The Tuskegee Syphilis Experiment: A Fiasco with a Silver Lining

The Tuskegee syphilis experiment studied black men with advanced syphilis for 40 years. Patients were lied to and prevented from getting treatment. A black mark in the history of American medicine, it led to important reforms. The Tuskegee experiment was one of the most regrettable incidents in the history of medicine in the U.S. Conducted

Dr. Oz Sells Lemons

FacebookTwitterEmail Photo by Markus Spiske With his enthusiastic hype and on-air shenanigans, Dr. Oz has always impressed me as sounding more like a used car salesman than a respected cardiothoracic surgeon. A used car salesman may tell you the car is in pristine condition, was always kept in a heated garage, and was only driven round

Homeopath Quits Homeopathy but Thinks the Homeopathic Approach Has Value

A former homeopath shows that there’s nothing scientific about homeopathy; in fact, it contradicts all known scientific principles. Nevertheless she finds value in the homeopathic approach to the patient and thinks all providers can learn from it. Natalie Grams is a German MD who was an enthusiastic practitioner of classical homeopathy. She had a successful

The Magic Feather Effect: Placebos and the Power of Belief in Alternative Medicine

In her book The Magic Feather Effect, journalist Melanie Warner covers placebo research, shows that alternative medicine is placebo medicine, takes a “try it yourself” approach, and gives belief and anecdotes more credit than they deserve. In the movie Dumbo, a little elephant with large ears can fly by flapping them like wings, but he refuses to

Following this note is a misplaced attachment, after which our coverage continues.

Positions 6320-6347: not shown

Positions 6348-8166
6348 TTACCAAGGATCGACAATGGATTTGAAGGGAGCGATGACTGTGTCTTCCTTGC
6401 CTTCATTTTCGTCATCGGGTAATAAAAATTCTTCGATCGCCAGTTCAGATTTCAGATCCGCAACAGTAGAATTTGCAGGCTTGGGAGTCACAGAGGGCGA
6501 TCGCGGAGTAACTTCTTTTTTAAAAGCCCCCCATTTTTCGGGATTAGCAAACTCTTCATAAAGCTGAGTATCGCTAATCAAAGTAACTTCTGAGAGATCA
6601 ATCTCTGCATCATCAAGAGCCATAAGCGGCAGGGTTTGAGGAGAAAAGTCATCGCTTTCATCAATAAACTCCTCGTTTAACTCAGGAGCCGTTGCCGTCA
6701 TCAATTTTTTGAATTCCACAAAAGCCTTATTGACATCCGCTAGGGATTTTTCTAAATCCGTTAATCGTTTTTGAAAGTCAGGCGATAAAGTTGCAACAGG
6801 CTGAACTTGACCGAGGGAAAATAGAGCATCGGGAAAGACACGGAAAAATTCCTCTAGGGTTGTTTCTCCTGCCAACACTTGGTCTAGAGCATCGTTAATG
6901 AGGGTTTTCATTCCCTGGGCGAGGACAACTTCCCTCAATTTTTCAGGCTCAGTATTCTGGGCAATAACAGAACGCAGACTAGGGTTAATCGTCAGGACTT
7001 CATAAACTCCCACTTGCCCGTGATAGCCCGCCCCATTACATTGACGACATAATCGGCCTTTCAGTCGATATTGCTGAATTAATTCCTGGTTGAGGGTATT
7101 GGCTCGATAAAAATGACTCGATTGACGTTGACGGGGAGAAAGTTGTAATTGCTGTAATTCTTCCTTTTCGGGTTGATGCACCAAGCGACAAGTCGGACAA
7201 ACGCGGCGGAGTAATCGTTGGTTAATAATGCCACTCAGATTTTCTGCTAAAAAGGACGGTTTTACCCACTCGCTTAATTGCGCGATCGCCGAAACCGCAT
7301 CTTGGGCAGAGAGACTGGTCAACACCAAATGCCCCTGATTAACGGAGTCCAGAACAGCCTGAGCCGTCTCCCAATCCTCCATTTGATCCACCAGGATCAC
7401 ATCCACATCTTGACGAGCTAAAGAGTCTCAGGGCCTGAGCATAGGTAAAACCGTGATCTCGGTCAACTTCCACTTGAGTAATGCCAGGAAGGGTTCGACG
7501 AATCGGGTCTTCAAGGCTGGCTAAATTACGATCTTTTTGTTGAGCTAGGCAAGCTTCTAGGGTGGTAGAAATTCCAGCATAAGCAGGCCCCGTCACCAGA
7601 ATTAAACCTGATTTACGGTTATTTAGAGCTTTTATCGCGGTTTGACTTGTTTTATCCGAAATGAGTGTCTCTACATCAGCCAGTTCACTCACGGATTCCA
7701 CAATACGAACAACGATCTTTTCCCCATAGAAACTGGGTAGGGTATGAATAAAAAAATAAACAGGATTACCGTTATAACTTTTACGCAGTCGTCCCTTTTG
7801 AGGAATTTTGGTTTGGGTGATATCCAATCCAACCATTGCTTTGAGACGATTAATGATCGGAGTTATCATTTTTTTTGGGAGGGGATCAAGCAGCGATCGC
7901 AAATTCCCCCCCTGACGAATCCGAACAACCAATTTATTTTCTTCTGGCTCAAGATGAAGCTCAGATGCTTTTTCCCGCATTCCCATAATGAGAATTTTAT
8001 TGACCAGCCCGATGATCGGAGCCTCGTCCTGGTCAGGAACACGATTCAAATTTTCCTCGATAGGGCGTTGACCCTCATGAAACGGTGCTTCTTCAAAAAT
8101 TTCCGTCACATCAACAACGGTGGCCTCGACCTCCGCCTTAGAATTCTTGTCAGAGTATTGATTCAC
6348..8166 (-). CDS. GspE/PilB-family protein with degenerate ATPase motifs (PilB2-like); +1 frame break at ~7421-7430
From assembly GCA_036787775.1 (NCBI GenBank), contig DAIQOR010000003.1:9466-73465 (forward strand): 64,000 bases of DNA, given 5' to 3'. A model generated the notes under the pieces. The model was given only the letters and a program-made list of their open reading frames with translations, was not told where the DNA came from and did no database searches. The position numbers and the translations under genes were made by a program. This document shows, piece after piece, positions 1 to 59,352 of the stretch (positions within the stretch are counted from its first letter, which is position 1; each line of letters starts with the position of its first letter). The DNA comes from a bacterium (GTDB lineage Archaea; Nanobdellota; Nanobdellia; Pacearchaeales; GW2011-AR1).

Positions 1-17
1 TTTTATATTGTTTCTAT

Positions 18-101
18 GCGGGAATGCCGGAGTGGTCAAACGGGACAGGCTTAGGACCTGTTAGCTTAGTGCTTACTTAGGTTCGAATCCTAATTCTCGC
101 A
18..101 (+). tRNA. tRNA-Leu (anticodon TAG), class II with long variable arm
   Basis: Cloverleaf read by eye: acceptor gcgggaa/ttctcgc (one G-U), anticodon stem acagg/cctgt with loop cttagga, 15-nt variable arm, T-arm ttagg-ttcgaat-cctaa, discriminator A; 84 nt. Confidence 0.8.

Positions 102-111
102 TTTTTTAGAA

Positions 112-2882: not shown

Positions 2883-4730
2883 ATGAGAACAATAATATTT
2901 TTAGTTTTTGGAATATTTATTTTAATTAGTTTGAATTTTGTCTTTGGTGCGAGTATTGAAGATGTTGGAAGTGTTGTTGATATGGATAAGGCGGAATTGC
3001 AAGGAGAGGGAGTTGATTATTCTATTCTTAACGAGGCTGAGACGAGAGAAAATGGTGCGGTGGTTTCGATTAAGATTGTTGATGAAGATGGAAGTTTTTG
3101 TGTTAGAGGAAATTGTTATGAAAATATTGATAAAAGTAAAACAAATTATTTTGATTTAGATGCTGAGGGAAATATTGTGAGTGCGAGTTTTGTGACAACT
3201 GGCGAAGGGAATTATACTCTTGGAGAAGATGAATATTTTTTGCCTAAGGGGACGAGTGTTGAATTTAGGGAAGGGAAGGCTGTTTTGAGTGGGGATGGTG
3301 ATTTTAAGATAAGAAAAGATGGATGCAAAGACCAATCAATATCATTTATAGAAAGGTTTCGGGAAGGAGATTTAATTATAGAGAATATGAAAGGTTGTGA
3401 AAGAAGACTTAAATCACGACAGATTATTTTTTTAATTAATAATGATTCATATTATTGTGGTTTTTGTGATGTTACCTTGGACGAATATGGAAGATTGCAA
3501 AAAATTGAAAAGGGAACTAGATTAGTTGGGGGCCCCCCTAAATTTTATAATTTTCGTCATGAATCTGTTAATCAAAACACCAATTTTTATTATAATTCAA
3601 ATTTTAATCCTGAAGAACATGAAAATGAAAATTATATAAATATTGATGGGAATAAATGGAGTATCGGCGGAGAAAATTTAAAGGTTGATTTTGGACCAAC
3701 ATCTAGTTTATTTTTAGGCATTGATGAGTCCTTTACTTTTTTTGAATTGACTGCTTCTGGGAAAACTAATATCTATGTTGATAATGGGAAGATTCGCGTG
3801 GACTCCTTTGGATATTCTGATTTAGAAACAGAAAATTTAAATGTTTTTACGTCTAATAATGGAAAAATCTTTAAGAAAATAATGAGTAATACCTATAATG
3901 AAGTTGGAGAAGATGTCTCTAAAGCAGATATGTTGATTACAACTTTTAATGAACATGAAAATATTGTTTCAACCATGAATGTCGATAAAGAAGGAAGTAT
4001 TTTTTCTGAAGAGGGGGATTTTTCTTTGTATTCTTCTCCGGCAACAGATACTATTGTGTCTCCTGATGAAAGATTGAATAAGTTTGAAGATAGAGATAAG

Kidney Cancer and Incidentalomas

Kidney cancer diagnoses are increasing but there has been no increase in mortality or rate of metastases. Kidney cancer is most often diagnosed as an incidental finding on a CT scan that was done for unrelated reasons. Treatment may not always be needed. In the February 1, 2019 issue of American Family Physician, there is an

A Surfeit of Silliness

Is the world getting crazier? It seems so, but maybe I’m just more aware of the silliness. Here are just a few of the outlandish things I’ve run across recently. Photo By Marco Verch Divination by Asparagus The Mirror and several other news sources reported in January 2019 that a woman in Bath, England, named Jemima Packington can predict

Caffeine Withdrawal Headaches

Caffeine is not addictive. Regular users of caffeine can develop tolerance and mild physical dependence, and sudden withdrawal can cause headaches and other symptoms (but only in half the population). This is does not qualify as addiction. In the Feb/March 2019 issue of Free Inquiry magazine, there was an article by John Frantz, MD, titled “The Biology

Misleading Ad for Apeaz

An ad for Apeaz in Discover Magazine is misleading. Its active ingredient may provide some temporary relief of pain, but the claims in the ad are overblown. It is not a new blockbuster drug or an anesthetic. I saw a full-page ad in Discover Magazine for Apeaz, a “New blockbuster arthritis drug” in the form of a cream. Almost

Just How Addictive Are Opioids?

There is an opioid epidemic, with increasing overdose deaths from both prescription drugs and illegal drugs. Just how addictive are opioids? It appears they are safe when used appropriately, but there is a high risk of abuse, and they are deadly when misused, especially OxyContin.  We are in the midst of an opioid epidemic. Prescription